I would consider a car or truck that can enter platoon operation (without manual operation) to automatically follow another car or truck as a fully automated car.

A bus or taxi or vehicle that operates to carry passengers and is not on rails (or some other physical guide) but operates with robotic control without an active driver is a fully automated car. Even if it repeats a route that like at Heathrow airport.

It has to be able to get up to 25 mph for operation on a common standard road. I would not count the tow tractor bots which have a top speed of 2.4 mph.

The Robotic Industrial Mining trucks count

Starting in 2008, autonomous trucks have navigated in the complex mining environment and can haul a 290-tonne (320-U.S.-ton) payload of overburden and ore without a driver. At the West Angelas Mine, the trucks are operated and controlled entirely using a supervisory computer at an operations center. In the future, the trucks will be controlled 24 hours a day from a remote operations center located more than 1,000 km (621 mi) away in Perth.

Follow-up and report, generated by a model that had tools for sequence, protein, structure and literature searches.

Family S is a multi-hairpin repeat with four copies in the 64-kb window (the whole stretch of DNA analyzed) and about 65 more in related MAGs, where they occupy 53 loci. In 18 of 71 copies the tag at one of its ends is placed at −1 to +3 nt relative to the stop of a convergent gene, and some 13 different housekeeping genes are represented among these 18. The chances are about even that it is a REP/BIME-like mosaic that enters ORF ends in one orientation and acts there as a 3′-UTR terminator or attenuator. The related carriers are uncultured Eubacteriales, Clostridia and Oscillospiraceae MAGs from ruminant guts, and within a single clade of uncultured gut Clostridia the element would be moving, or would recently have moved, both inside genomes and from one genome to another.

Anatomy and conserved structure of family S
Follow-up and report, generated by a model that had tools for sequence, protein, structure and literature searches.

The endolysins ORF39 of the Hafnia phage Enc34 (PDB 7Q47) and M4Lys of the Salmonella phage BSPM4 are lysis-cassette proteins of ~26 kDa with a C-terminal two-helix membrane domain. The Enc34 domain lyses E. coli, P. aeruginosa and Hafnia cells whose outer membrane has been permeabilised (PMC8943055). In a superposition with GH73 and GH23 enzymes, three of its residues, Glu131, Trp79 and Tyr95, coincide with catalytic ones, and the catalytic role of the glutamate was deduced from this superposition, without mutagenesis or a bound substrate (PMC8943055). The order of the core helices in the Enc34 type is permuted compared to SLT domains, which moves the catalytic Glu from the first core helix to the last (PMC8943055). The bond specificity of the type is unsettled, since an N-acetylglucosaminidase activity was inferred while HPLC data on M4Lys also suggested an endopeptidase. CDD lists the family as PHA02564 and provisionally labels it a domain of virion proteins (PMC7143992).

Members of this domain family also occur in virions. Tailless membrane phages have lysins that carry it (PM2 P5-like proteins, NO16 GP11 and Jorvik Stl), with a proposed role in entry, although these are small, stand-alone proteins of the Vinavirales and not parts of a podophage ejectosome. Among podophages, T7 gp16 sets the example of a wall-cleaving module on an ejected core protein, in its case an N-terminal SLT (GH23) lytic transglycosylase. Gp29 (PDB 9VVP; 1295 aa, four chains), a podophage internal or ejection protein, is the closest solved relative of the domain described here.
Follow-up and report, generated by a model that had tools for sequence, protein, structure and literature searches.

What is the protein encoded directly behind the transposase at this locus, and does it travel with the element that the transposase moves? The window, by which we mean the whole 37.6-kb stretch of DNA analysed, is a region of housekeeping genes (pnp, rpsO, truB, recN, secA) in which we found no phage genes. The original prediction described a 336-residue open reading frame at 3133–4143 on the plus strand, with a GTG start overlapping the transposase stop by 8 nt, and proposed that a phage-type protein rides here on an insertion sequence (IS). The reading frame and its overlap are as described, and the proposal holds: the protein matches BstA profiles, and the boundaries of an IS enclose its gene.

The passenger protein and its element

If no one is inside the vehicle driving then it is a driverless vehicle so long as the remote human operator is not actively steering 100% of the time. There are a few tens of such vehicles now and there will be hundreds in a few years. This is detailed in the Rio Tinto mine of the future plan. Another part of the plan is driverless trains.

I think there will be several robotic trucks that will drive coal and mine material from mines to plants on private roads.

The future where the millions of semi-trucks shift over to mainly control center operation where one person is overseeing dozens or hundreds trucks would be a future with fully automated driverless trucks.